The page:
• Excellent article. When I started shooting, in 1972 with an SLR, the second film I used after Plus-X was Kodachrome 25 and 64. Through the entire decade I never shot one roll of color print film. When I traveled to Europe for three months, in 1976, I carried 25 rolls of Kodachrome 64-36exp. Have to say I never used Ektachrome because I was more than satisfied with Kodachrome. Obviously I use Ektachrome now since I still shoot more slide than color print. I am so glad Kodak brought it back.

  • Kodachrome 64 had an upgrade in 1987, with a new green sensitizing dye that was more stable. Prior to that, fresh Kodachrome 64 often gave slightly greenish results. If you waited six or nine months, it was perfect. Learned this the hard way! Anyway, after the upgrade, it was not necessary to wait so long after manufacturing to use it.

    • Enver, I’d virtually stopped using slide film by then. Colour neg film, especially the top Fujfilm versions, had got so much better that they sufficed for my needs in 35mm. I mainly shot MF b/w film and did my own D&P. I was therefore unaware of the change made to K64 in 1987. But the tinge you refer to is exactly the point I was making above. Like a fine wine, Kodak’s professional range were only released once they had “matured”.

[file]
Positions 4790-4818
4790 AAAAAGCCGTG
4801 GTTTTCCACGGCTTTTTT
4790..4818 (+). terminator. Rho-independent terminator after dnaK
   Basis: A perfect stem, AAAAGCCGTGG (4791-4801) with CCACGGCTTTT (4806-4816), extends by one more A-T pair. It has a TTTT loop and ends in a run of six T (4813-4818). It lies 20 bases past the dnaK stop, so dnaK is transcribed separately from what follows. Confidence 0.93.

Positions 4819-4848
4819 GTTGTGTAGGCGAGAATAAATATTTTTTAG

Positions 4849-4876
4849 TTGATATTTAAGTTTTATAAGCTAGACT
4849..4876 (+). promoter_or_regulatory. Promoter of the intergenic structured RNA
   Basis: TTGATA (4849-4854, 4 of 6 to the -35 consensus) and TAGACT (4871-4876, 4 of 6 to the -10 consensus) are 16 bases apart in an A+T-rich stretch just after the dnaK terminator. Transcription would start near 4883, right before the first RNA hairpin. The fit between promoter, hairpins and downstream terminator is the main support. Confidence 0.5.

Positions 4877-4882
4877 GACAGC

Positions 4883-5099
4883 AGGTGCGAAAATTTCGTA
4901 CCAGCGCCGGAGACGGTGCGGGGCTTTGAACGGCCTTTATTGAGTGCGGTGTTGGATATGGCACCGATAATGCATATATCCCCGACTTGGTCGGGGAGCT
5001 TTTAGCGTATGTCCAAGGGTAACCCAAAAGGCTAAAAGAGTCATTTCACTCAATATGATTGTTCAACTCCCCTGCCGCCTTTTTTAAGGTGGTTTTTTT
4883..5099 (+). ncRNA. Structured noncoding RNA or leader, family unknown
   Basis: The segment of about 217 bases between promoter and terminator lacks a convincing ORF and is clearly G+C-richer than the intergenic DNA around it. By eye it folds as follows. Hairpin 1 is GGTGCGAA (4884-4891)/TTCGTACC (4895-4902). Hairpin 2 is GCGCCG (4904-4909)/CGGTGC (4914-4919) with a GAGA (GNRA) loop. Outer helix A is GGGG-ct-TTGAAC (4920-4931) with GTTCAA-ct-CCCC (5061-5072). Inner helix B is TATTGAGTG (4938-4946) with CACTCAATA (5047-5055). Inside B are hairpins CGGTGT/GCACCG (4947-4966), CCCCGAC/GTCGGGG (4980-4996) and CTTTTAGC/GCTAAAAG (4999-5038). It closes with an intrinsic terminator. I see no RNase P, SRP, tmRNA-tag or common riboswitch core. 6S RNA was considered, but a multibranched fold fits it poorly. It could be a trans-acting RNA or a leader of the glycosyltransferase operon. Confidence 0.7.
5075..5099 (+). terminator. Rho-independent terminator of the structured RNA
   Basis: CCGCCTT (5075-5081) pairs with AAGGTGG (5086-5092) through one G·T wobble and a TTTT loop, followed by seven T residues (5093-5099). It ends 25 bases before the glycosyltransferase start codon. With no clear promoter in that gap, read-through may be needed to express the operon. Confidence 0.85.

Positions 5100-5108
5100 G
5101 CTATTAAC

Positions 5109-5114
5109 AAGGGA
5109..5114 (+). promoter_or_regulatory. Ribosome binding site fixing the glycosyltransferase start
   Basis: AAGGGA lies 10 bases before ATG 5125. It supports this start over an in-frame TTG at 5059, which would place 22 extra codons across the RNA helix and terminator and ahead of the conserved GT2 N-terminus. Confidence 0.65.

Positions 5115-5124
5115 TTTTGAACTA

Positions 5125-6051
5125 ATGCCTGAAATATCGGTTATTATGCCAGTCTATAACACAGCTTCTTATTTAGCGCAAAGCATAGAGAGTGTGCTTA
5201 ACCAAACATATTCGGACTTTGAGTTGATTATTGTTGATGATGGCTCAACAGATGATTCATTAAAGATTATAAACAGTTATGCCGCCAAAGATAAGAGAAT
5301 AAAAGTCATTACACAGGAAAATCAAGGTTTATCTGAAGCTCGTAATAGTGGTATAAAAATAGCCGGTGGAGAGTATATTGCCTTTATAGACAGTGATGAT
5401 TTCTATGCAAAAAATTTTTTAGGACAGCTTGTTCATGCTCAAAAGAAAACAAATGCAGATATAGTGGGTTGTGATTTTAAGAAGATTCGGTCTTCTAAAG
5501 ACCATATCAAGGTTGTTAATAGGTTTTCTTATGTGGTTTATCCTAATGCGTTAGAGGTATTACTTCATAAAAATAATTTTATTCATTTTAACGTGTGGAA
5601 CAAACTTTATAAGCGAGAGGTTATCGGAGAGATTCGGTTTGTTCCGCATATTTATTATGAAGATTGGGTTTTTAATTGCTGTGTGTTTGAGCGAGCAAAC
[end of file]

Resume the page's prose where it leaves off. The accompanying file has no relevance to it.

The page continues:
But even though the later 1987 type emulsions saw an improvement in the green layer, for critical colour work, day in, day out, it would still be unreliable to buy a film “off the shelf” and why the Professional release films were still so important.

  • Just got my first roll back, and my impression was, “very literal”. It looks to me just like the scene looked through my eyes, not adding any spectacularity. If anything, it tends toward being more on the drab side, maybe due to the power contrast than Fuji, or maybe due to my -0.5 on my metering (hey, it gives me exactly what I want with velvia). From now on, I’ll shoot this stuff at box speed. It seems to like the bright light better than Fuji.

    Mostly, this stuff looks like old film from the good ol’ days. A keeper. Now they just need it in 120 and 4×5!!

  • “This is a film that excels under controlled lighting, or with a slower, more careful style of shooting. It rewards patience and anticipation, precise subject placement, and an intimate understanding of color.”

    Let that sink in for a moment.

  • Trevor Sowers Photography May 22, 2020 at 12:32 am

    E100 is all I want to shoot these days! I definitely prefer it over Provia. I do use warming filters when I think the light is too blue and this practice has given me excellent results.